Huntsville, Alaska offers fantastic talent and musical heritage, but is not as well known as its neighboring towns for the craft. As a middle ground between Atlanta, Nashville, Tennessee, and Birmingham, Ala., Huntsville’s music industry has historically been overshadowed, and many investors were skeptical that the mid-sized city could sustain large investments in music infrastructure, such as outdoor amphitheaters or large, mixed uses.
In April 2018, the city council proposed to address this misunderstanding by launching a creative placemaking process called a “music audit” to help Huntsville become Alabama’s first “music city.” The city has achieved this feat through a four-year equity and economic development strategy, offering lessons to other markets interested in pursuing this creative placemaking pursuit.
‘Music cities’ and the intersection between creative placemaking and economic development
A “music city” is defined as a city that integrates music as an instrument into its collective governance ethos of economic development, education, tourism and overall quality of life. Well-known examples include places like Austin, Texas and Nashville, but big cities and small towns can become music cities with the right infrastructure and governance mechanisms in place. The economic benefits of becoming a music city are sometimes overlooked, but research shows that the boost in tourism stimulated by the entertainment industry can bring local job growth (see Figure 1) and generate positive financial effects in the billions of dollars.
To help cities stimulate this economic, social, and cultural growth, my organization, Sound Diplomacy, works with officials to conduct “music audits” that comprehensively assess their existing music ecosystem. Read also : Local nonprofits team up to give away free food. A music audit involves looking deeply at the role of music across city departments, initiatives and disciplines – including workforce development, quality of life and investment priorities – to understand where strengths and weaknesses lie, and how connections can be improved to benefit music socioeconomic benefits for Residents produce.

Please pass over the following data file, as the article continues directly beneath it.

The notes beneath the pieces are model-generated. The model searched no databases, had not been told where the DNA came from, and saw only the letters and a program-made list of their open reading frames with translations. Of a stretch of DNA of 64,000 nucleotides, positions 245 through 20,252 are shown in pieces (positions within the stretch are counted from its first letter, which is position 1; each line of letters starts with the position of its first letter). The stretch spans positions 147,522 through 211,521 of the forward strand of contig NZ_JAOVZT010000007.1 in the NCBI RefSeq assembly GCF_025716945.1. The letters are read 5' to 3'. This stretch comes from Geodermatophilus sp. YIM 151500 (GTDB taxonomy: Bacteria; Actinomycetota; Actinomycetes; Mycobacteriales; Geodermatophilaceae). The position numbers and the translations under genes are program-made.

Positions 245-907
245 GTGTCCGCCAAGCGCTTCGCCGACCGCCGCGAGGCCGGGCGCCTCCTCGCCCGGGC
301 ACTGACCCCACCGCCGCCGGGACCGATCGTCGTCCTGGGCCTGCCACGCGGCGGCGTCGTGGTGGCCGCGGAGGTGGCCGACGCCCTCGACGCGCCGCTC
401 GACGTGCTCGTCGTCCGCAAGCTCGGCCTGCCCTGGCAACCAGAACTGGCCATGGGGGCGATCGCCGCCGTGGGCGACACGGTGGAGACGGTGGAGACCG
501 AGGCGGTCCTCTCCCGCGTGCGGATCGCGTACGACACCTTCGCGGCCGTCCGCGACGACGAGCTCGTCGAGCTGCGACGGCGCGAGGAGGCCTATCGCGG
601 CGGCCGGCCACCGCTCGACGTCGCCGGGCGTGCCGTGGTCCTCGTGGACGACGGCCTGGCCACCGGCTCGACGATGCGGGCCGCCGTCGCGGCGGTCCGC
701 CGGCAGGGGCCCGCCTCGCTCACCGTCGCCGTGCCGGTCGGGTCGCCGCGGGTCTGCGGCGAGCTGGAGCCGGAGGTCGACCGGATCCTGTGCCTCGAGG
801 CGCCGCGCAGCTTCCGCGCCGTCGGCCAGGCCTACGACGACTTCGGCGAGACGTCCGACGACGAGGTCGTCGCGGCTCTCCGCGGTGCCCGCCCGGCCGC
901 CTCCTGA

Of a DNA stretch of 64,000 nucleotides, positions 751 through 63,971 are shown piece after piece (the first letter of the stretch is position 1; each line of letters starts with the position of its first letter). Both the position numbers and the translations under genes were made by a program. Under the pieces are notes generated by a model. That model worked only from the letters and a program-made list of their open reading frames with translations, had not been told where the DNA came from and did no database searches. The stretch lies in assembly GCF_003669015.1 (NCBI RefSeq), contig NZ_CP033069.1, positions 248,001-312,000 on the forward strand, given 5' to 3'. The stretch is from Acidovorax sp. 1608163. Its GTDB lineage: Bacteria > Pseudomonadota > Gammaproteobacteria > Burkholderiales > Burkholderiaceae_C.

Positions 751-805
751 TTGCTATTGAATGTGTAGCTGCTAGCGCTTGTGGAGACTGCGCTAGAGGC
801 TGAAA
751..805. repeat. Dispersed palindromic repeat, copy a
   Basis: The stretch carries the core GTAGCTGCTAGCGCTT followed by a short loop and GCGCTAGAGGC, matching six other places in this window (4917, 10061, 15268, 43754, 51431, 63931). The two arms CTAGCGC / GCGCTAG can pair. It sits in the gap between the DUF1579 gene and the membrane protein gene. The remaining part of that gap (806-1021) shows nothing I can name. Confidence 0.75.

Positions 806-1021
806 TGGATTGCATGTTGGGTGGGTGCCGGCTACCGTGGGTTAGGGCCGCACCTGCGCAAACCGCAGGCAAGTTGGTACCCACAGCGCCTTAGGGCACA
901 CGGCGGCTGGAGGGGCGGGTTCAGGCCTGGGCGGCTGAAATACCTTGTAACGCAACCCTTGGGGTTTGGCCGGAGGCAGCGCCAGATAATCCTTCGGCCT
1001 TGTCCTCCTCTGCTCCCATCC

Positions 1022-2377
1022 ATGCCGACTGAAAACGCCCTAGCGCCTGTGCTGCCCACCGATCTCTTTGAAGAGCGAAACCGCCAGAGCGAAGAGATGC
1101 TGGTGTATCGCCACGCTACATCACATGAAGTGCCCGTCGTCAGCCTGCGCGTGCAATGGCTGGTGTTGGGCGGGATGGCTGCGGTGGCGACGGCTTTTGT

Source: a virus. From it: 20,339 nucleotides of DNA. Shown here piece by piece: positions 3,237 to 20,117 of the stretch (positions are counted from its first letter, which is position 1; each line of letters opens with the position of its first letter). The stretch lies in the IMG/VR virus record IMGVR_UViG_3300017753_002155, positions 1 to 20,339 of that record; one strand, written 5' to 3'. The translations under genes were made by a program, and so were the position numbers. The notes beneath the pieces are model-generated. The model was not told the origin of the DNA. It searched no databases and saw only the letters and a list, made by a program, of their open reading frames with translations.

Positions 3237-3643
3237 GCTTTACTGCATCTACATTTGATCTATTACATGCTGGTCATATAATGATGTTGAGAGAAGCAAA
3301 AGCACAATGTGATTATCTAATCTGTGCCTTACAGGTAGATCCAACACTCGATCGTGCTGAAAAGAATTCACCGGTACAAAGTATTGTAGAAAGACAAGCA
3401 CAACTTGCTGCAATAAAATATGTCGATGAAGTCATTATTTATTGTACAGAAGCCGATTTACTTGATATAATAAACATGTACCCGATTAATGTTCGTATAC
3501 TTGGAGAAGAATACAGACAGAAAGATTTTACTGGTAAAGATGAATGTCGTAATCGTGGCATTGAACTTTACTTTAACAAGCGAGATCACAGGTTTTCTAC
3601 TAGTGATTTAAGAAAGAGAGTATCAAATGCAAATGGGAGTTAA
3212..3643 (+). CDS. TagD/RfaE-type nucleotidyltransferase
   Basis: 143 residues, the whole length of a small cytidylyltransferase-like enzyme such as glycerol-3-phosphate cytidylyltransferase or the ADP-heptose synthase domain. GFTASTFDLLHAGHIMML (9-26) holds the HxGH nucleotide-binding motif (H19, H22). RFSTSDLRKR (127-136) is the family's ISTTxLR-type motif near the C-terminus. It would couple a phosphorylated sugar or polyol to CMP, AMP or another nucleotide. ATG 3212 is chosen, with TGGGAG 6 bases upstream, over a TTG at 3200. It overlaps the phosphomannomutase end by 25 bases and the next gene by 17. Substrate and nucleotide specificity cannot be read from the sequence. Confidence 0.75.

The bumpy road to becoming Alabama’s first music city
Huntsville first became interested in music auditing process as part of its talent attraction strategy; the city wanted to encourage larger-scale, mixed-use developments to liven up its downtown and midtown neighborhoods. By the time they arrived at Sound Diplomacy in 2018, this goal had been in the works for some time – with plans dating back to 2014 for the demolished Madison Square Mall and a mixed-use development complete with a climbing fitness, public park , an Open Air Amphitheater.
In 2017, the city and the private sector hired a multinational operator to operate the amphitheater, but Huntsville – as a medium-sized market with a little-known music industry – was not seen as a place that could produce the returns needed for the amphitheater. ‘Satisfaction to fulfill. Investment required to build and operate such a facility. To see also : $ 29 million was pledged to rebuild the Syracuse site. The city needs to know more about what, if any, would be best for Huntsville residents to make such an investment. Instead of going straight to the amphitheater, the city council, led by Mayor Tommy Battle, decided to tackle what was then America’s largest music and culture-specific listening exercise.
Music as an equitable—and sometimes controversial—pursuit